Researchers say that extract of one of Scotland's most popular wild fruits - the blaeberry - could be used to treat diabetes.
In their study, Aberdeen University scientists will explore the possibility of using a concentrated capsule form of the blaeberry to combat the disease.
To come up with the conclusion, scientists will use overweight male volunteers in the study which will examine whether taking a capsule form of the fruit improves symptoms in patients with Type 2 diabetes.
Lead researcher Dr Nigel Hoggard, from Aberdeen University's Rowett Institute for Nutrition and Health, said: "The exact link between Type 2 diabetes and obesity has never been pinpointed. We think the answer to their connection lies in fat tissue. When fat increases, this is associated with a low grade inflammation, and the release of a number of hormones into the blood.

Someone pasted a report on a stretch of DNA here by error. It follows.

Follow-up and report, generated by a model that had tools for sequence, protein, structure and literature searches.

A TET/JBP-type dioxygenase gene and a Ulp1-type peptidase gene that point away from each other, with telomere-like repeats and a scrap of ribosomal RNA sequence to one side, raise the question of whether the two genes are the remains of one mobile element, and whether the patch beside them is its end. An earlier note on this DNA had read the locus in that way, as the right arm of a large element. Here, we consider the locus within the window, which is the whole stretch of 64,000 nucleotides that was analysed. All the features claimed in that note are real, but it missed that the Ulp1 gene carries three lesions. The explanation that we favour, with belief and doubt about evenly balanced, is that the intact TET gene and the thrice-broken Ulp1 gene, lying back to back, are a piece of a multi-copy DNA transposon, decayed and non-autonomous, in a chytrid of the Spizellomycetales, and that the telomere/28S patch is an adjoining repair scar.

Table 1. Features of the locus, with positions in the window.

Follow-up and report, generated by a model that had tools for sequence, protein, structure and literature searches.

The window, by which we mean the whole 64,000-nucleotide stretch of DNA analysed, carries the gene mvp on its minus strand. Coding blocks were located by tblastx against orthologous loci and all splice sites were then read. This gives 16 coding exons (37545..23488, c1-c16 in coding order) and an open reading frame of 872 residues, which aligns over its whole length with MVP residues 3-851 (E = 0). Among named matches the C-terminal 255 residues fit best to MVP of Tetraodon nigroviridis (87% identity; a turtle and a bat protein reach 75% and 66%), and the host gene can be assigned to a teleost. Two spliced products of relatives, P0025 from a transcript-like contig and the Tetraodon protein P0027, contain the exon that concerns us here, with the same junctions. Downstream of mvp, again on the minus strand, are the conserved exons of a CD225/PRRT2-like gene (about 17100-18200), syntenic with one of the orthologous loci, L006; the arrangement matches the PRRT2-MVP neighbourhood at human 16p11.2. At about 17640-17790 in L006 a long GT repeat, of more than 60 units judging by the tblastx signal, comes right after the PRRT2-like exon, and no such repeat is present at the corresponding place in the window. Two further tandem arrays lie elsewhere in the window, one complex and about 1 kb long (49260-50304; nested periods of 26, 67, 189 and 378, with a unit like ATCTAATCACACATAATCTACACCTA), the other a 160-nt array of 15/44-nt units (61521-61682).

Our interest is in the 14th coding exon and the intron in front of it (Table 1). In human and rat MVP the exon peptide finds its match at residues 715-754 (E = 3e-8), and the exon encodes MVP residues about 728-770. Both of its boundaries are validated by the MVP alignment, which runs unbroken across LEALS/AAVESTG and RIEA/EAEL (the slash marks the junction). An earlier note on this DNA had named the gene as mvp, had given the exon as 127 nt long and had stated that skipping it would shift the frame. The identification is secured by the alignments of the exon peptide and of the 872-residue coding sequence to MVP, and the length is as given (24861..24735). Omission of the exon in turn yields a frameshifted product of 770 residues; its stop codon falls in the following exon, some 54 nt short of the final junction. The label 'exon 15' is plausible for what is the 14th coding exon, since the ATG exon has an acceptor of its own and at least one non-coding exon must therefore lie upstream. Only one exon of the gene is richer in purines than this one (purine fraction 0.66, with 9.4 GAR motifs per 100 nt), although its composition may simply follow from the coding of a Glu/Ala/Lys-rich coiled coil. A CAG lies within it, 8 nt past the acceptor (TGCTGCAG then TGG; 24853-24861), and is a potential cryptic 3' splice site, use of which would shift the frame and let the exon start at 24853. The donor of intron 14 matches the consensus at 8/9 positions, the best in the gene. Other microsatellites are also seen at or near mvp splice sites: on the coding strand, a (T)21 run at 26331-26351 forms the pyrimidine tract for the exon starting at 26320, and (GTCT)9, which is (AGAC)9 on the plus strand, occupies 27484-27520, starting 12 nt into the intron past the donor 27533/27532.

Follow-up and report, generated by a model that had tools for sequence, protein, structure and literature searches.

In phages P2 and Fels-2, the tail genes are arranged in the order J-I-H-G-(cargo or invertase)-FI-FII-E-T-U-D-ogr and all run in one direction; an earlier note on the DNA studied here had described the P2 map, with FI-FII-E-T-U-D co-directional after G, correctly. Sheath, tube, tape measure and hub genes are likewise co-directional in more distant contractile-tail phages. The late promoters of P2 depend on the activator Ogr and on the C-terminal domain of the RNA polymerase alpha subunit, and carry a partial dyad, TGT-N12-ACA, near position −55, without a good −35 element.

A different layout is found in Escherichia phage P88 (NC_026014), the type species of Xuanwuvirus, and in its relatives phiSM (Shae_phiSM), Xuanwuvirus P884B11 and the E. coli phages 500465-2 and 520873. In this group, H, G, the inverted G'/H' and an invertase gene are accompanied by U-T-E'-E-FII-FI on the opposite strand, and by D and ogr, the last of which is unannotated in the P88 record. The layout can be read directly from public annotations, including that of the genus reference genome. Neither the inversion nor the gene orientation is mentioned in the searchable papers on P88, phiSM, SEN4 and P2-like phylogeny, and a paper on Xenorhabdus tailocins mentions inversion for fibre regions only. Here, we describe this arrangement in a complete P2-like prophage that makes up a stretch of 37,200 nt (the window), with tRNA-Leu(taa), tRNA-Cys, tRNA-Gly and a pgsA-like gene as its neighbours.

"It is these hormones, and how they act on the glucose in our body, which we believe causes Type 2 diabetes to occur."
He explained: "We know that blaeberries - which come from the same family as blueberries - are naturally very high in a chemical substance called 'polyphenols'. We believe this substance could reduce the inflammation which occurs when fat increases."
A university spokeswoman said: "We'll be asking volunteers to take a concentrated form of the berry as a capsule three times daily - equating to approximately 11/2 cups of blaeberries - to test whether this helps reduce inflammation associated with the increased fat tissue, and, therefore, improve their diabetic symptoms.
"Sixty overweight male volunteers with Type 2 diabetes between the ages of 40 to 70 who live in Aberdeen city, shire or the surrounding area, are being sought for the three-week study."